KATHEGETES is ‘teacher’. This ancient Greek word refers to the role of masters, guides and tutors. Here on sokratiko.com our obvious concern is with instructors of our favourite philosophical schools.
In some context, the term <kathegetes> seems to indicate not exactly the <hegemon> that is the leader. In fact, <hegemon> means guide, commander or chief. Therefore, it hints to the most important master of a school. Instead, <kathegetes> could allude to the assistant or to the associate leader.
<Kathegetes> is ‘teacher’ but not ‘leading master’. It is not necessarily a secondary or marginal function. For instance, we know that Aristoteles (Aristotle), at seventeen or eighteen years of age, joins the Academy of Platon (Plato) in Athens and stays there until the age of thirty-seven (c. 347 BC). We can assume (though evidence is sparse) that in the Academy he becomes a <kathegetes>. Shortly after Platon’s death, Aristoteles leaves Athens and, at the request of Philip II of Macedon, tutors Alexander the Great, beginning in 343 BC. He establishes a library in the Lyceum which helps him to produce many of his hundreds of books on papyrus scrolls.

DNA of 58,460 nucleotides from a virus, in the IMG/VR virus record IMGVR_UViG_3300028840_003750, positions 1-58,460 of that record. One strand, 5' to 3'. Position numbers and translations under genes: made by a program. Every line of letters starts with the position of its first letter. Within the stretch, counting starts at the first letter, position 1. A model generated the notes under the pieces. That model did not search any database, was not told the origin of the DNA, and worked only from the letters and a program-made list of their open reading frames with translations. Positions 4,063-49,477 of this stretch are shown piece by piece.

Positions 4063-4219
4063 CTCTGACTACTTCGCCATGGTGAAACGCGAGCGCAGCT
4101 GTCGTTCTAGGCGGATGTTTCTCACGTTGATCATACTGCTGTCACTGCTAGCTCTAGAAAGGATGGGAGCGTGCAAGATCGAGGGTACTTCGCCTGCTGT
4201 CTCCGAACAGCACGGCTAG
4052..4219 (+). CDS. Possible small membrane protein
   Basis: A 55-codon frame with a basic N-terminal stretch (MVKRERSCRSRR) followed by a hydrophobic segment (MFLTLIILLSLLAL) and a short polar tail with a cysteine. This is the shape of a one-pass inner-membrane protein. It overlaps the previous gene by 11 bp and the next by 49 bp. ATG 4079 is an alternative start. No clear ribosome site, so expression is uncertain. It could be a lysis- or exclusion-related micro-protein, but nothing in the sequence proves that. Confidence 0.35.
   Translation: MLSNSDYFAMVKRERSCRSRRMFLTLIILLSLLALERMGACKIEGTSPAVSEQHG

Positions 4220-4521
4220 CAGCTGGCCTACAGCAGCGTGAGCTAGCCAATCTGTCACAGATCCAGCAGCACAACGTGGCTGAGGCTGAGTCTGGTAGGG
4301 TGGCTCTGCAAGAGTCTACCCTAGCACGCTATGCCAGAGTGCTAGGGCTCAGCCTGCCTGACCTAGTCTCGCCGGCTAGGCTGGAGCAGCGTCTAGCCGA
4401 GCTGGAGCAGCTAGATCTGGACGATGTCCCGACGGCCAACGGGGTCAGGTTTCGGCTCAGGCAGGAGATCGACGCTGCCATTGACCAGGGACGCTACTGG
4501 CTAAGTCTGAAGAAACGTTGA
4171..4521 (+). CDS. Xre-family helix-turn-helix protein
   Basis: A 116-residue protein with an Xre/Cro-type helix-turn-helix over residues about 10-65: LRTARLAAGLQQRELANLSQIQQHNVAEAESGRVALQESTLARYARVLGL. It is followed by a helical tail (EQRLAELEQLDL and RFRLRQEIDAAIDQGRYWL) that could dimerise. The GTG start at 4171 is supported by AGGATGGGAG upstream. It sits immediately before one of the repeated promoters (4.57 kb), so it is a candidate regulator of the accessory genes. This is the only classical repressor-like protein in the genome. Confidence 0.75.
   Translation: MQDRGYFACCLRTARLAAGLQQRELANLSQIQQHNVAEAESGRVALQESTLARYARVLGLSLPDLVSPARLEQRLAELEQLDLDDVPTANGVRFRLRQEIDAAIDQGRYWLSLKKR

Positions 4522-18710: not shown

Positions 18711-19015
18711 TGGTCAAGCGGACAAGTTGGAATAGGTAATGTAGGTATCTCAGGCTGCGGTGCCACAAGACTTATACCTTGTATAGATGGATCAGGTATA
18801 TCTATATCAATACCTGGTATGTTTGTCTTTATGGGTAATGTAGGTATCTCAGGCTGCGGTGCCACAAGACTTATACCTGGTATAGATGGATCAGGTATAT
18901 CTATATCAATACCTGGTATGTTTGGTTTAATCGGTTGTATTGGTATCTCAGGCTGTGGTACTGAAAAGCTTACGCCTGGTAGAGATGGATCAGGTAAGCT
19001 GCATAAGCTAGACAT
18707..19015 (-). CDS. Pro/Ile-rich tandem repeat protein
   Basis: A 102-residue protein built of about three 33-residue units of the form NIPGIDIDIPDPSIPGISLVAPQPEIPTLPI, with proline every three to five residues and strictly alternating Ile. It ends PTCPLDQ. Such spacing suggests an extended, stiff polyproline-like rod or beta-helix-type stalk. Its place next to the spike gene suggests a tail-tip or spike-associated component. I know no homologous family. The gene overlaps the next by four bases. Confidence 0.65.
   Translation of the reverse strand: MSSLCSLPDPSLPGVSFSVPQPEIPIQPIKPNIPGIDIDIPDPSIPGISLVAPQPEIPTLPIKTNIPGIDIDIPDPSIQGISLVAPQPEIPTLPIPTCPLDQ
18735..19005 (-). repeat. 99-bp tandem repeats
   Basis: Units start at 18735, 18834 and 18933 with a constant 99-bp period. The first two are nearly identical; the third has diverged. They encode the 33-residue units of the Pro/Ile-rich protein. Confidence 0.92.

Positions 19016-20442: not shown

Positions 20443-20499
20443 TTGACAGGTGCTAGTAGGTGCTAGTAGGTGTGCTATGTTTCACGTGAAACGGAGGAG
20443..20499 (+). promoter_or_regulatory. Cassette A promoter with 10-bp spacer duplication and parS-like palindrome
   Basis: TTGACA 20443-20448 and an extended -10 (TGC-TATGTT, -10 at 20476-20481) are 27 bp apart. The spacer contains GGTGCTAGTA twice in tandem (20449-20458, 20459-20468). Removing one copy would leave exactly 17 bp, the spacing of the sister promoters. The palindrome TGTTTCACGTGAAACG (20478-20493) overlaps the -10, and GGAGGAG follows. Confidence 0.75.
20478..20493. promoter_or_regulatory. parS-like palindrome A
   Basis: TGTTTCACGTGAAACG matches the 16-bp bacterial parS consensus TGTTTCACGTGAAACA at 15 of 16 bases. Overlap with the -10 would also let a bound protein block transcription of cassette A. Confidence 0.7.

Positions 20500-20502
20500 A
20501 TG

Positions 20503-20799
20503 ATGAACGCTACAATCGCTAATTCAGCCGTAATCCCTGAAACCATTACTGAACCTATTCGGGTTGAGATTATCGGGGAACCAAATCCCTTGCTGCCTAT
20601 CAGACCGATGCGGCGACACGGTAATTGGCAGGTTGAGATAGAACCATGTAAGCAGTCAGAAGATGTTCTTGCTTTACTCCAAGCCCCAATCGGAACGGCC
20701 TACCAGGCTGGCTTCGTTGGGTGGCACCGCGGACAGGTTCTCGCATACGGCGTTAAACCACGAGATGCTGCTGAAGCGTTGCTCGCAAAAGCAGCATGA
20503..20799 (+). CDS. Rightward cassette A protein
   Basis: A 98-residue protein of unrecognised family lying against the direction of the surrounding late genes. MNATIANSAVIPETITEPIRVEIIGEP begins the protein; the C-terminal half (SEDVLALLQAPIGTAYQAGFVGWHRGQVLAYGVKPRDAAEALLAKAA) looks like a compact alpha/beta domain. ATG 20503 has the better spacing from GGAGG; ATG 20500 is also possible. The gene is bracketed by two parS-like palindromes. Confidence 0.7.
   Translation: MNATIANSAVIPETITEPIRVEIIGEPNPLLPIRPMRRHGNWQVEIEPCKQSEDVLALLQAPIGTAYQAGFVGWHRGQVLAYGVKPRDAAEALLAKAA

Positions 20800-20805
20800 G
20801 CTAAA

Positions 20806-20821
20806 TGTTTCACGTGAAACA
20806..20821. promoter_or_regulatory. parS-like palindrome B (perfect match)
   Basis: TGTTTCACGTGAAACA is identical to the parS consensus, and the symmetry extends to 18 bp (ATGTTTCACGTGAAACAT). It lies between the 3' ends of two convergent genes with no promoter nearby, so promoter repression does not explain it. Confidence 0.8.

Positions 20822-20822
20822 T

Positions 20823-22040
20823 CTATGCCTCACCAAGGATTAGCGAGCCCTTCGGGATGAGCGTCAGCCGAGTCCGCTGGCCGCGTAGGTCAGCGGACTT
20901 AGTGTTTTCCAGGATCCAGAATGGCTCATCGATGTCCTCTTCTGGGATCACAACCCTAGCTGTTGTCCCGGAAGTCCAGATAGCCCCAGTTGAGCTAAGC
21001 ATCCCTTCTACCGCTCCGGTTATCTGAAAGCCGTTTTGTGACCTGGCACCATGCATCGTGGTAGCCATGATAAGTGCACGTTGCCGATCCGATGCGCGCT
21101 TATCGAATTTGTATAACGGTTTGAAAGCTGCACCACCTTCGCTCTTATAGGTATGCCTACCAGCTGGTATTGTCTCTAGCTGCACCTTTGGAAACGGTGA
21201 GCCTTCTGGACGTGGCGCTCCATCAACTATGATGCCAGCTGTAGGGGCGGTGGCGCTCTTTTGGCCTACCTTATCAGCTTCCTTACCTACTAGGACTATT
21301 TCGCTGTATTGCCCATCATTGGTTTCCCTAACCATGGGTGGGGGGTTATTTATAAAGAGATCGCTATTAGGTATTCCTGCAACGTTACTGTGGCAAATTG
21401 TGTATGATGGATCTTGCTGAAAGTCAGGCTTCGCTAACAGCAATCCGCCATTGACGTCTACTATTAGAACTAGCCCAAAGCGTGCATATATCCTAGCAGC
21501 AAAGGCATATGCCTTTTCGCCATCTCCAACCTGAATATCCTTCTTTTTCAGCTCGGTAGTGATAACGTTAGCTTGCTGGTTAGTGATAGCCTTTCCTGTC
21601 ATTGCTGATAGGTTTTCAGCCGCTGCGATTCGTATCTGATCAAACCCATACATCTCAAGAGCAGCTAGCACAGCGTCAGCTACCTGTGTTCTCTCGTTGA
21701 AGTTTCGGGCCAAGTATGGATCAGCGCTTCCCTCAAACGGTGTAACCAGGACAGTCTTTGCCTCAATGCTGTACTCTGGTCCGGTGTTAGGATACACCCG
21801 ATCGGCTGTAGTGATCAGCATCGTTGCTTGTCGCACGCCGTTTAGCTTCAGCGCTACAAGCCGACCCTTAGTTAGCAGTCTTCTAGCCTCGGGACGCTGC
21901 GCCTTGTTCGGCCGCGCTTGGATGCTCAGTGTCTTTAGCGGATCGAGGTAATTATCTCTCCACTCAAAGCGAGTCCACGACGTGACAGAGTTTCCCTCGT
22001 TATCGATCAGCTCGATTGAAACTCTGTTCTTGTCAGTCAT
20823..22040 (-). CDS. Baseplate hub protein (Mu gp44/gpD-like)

The task of philosophical teachers is not only the traditional ‘handing over’ of knowledge. They also have to be role models, showing in a practical way how to implement their teachings in everyday life. Nonetheless, their most specific function is to help the subject in his soul-searching. This is because any subject has always to perform a crucial work on himself. A work that requires the guidance and the expertise of competent and virtuos masters.